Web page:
Who we are

Recycling Lives is unique - recognised as a UK leader for combining business and charity. Our model - using our commercial operations in recycling and waste management to support and sustain charity programmes for offender rehabilitation, residential support and food redistribution - means we create more than just environmental and financial value from our activities, but significant social value too.

We have a proud history, with 40 years experience working in the recycling sector. Recycling Lives was founded, and is run, by second generation recyclers, making us time-served experts with a wealth of industry knowledge, insight and contacts.
But Recycling Lives’ unique business model, combining business and charity, is just ten years old.

Who we are

Our charity - the residential accommodation for the homeless - is sustained financially by our social enterprises - the HMP Academies, Food Redistribution Centre and community cafes. Our businesses - in recycling, recruitment, compliance and waste management - directly support both the charity and social enterprise. Not reliant on grant funding or public money, our charity and social enterprises teams can focus on their core objectives: to support the homeless, reduce reoffending and support charities by redistributing food.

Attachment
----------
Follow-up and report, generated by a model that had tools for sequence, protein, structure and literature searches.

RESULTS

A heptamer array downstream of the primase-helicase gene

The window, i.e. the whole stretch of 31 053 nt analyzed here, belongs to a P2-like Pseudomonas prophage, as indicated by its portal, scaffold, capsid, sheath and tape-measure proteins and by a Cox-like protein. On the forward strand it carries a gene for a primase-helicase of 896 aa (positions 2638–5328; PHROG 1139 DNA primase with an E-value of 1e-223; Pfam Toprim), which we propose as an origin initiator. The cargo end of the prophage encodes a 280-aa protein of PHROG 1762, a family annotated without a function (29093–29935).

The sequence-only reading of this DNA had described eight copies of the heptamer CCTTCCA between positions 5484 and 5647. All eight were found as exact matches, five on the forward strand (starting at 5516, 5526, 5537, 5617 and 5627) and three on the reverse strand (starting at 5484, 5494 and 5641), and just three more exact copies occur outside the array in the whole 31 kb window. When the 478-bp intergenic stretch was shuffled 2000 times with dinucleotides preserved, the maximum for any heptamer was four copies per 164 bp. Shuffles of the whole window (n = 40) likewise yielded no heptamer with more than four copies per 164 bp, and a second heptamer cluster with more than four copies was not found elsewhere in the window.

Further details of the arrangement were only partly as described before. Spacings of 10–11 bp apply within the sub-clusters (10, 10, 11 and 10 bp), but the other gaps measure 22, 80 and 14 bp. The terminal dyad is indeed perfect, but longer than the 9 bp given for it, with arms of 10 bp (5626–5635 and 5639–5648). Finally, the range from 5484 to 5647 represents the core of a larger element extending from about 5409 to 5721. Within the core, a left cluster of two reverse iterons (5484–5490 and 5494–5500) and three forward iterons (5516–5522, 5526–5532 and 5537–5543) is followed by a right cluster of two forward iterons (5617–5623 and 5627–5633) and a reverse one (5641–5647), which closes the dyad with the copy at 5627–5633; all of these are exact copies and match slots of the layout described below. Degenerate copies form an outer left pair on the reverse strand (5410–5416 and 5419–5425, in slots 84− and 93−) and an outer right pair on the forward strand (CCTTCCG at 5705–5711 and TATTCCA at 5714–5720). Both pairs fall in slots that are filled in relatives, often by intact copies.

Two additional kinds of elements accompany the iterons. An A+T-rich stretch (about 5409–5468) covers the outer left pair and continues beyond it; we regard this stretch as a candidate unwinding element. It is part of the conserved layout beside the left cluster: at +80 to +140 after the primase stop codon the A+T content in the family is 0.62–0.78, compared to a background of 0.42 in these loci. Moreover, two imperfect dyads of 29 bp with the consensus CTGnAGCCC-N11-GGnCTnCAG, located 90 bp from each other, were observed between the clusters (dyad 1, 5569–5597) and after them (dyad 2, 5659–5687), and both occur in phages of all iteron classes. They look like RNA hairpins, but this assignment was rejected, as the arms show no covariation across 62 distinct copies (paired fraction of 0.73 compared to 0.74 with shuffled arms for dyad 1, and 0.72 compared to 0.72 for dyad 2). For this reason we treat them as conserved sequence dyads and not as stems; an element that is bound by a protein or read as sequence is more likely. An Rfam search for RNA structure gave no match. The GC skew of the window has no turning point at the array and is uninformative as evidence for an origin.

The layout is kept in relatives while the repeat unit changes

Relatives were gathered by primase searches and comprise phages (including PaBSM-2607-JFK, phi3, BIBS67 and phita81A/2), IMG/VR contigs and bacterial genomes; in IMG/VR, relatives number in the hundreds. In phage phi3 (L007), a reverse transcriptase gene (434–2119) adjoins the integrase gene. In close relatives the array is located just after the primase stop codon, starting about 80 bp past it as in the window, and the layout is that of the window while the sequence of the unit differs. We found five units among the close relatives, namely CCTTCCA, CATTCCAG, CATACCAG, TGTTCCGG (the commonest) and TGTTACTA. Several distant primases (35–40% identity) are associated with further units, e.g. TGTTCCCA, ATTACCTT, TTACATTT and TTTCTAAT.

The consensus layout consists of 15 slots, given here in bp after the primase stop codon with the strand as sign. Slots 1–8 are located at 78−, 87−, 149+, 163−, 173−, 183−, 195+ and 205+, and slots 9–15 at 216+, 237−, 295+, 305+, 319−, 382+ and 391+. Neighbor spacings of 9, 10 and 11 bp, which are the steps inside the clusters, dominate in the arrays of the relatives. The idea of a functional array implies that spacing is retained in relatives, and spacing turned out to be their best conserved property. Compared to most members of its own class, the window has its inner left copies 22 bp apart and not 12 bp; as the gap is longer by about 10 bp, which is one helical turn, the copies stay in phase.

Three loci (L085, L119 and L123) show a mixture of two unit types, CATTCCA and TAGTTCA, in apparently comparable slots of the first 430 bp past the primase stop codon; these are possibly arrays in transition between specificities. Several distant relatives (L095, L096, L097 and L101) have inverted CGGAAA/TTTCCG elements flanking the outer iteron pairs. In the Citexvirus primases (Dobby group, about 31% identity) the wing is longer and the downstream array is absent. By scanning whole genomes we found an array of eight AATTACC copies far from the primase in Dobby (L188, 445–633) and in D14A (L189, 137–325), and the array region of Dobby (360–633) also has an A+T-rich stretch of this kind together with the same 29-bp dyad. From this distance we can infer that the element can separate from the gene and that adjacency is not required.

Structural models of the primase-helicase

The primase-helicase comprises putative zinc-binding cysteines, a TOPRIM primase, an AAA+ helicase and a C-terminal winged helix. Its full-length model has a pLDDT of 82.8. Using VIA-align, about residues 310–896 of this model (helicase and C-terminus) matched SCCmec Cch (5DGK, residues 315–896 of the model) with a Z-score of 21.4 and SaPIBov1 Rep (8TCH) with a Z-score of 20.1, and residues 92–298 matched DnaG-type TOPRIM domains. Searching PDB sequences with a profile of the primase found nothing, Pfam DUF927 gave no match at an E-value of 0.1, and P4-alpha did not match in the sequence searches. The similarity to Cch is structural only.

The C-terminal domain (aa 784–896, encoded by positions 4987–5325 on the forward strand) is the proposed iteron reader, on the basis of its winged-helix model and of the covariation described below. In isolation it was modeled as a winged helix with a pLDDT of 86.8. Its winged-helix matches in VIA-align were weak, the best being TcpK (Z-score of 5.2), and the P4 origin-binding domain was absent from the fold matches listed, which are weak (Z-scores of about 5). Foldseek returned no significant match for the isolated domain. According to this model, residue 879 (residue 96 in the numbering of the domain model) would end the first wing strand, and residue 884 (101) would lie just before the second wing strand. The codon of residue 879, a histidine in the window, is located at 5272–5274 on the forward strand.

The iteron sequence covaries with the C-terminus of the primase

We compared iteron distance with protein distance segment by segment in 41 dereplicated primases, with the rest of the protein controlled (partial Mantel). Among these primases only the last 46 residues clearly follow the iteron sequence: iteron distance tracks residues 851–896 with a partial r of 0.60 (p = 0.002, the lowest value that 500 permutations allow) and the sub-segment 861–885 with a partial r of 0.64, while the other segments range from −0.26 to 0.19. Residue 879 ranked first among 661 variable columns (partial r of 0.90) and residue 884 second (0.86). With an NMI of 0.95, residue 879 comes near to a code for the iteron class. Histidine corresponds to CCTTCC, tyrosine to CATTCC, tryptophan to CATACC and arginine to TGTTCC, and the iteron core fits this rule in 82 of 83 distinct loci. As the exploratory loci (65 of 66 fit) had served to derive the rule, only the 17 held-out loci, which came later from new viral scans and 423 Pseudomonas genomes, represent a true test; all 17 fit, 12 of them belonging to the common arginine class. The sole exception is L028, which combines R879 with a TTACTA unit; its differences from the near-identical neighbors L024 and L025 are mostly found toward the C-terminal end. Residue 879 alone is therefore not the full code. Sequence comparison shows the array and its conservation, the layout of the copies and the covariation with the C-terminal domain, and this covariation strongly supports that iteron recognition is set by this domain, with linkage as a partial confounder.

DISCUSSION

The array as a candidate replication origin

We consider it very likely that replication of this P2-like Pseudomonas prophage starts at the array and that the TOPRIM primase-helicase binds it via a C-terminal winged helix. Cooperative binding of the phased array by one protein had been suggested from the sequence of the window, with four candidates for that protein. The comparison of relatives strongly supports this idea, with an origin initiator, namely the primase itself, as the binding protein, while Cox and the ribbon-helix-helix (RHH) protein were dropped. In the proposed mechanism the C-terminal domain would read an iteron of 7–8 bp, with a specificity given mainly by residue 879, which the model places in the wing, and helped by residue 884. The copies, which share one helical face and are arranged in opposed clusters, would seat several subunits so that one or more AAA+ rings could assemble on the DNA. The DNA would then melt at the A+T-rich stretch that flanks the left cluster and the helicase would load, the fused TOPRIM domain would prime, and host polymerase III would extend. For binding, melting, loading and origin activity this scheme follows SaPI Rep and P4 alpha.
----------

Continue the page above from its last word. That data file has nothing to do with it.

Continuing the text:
What’s Total Waste Management?

We offer total waste management solutions, meaning we collect, process and recycle all waste streams - from scrap metal, scrap cars, general waste and WEEE, to plastics, paper and cardboard. We also offer waste management consultancy, national skip hire and scrap car collection services, compliance services, vehicle fleet disposal and recruitment services.

What’s Social Value?

We define Social Value as the savings created for society by:

  • reducing reoffending - saving the taxpayer on costs for the criminal justice system
  • supporting homeless men - saving the taxpayer on costs for the welfare system
  • redistributing food to support community groups - saving charitable organisations running costs for food